‘ Connecticut effect’ still rolling strong
Sandy Hook Promise, a group of people devastated by the unspeakable tragedy of Dec. 14, 2012 at Newtown’s Sandy Hook Elementary School, has channeled its energy into an effective offensive against gun violence. The organization is an example of determination to convert grief into a powerful force for change.
Formed after the shooting deaths of 20 children and six adults on that day, the group has worked hard to educate and legislate in the arenas of gun safety and mental health, the two inextricably combined factors that converged that day in Newtown, and, alas, in the countless mass shootings that have plagued America since.
Their influence will carry even more weight now in the form of a $ 500,000 federal grant to Connecticut that the state will use to further its programs, including how to recognize and address red- flag behavior among youngsters.
The grant will help with teaching some 116,000 students statewide about the organization’s peerbased violence- prevention program.
The money comes from the $ 100 million STOP School Violence Act — a piece of legislation SHP was influential in shaping — that was signed into law by President Donald Trump in March.
The Dec. 14 tragedy was one that helped galvanize action not only in Connecticut but across the country to demand more attention to the issue of gun safety and particularly to the availability of semi- automatic weapons — designed for the battlefield — to the public at large.
So forceful, in fact, were the reverberations from Connecticut that a lobbyist for the National Rifle Association in Wisconsin said in 2013, “We have a strong agenda coming up for next year, but of course a lot of that’s going to be sort of delayed as the ‘ Connecticut effect’ has to sort of go through the process.”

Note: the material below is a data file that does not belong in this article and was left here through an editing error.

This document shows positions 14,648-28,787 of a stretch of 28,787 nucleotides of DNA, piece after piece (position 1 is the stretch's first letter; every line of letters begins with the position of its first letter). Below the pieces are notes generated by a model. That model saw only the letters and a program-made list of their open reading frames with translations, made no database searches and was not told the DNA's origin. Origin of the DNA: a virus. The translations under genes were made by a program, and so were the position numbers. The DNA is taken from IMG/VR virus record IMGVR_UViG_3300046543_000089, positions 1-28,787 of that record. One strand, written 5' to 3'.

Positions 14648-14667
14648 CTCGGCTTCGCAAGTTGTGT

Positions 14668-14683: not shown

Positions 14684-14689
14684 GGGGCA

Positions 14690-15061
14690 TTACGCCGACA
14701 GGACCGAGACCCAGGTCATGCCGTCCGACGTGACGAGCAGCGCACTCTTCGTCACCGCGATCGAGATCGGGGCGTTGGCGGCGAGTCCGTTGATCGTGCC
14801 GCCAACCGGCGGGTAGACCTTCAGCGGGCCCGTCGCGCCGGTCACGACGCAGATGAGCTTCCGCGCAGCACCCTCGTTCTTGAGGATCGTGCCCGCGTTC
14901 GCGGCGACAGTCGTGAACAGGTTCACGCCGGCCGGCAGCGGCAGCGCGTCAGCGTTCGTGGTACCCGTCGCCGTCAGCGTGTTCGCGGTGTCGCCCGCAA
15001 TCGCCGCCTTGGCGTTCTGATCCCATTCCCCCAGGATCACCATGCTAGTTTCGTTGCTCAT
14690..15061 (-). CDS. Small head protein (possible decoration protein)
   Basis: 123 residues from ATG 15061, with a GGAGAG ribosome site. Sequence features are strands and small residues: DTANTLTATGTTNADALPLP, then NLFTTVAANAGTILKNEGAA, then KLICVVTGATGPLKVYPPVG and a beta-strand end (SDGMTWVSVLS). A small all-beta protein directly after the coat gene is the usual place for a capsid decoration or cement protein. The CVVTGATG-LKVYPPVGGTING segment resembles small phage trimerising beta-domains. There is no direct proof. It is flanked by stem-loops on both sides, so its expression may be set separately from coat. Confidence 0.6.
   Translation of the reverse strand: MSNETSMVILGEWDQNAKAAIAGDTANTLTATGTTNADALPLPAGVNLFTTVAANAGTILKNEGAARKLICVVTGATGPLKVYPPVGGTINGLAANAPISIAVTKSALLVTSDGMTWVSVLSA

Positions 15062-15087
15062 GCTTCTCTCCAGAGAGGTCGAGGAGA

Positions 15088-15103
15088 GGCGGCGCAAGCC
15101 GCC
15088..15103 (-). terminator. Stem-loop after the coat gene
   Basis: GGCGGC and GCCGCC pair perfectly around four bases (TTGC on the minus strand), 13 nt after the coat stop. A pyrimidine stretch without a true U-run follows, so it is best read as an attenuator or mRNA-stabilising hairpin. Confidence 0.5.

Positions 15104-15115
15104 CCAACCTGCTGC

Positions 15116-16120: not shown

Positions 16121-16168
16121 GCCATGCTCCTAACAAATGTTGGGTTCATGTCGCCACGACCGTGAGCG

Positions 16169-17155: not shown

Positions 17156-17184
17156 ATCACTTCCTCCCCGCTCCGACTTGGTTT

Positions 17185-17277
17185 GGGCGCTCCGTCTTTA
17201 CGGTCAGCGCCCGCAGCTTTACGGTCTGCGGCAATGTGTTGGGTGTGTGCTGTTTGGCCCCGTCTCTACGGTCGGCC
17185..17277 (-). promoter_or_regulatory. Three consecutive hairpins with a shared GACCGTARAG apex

Sort of go through the process?
Well, the “process” is only getting stronger. One of SHP’s programs is called “Know the Signs” and it educates young people on how to identify atrisk peers, support them but also to report at- risk behavior.
Gov. Dannel P. Malloy, of course, has been front and center in Connecticut and nationally as a champion of gun safety. It’s worth noting that among even the governor’s harshest critics there is admiration for his actions on that terrible December day when it was he who emerged from the school to face parents and tell them their children would not be coming home.
On Malloy’s watch, Connecticut became a leader in gun safety legislation, including the banning of weapons like the one use at Sandy Hook. And he has been an ardent supporter of SHP.
According to the organization’s website, nearly 3.1 million people have made the Sandy Hook Promise: “I promise to do all I can to protect children from gun violence by encouraging and supporting solutions that create safer, healthier homes, schools and communities.”
It’s a promise we all should live by.
The organization ( Sandy Hook Promise) is an example of determination to convert grief into a powerful force for change.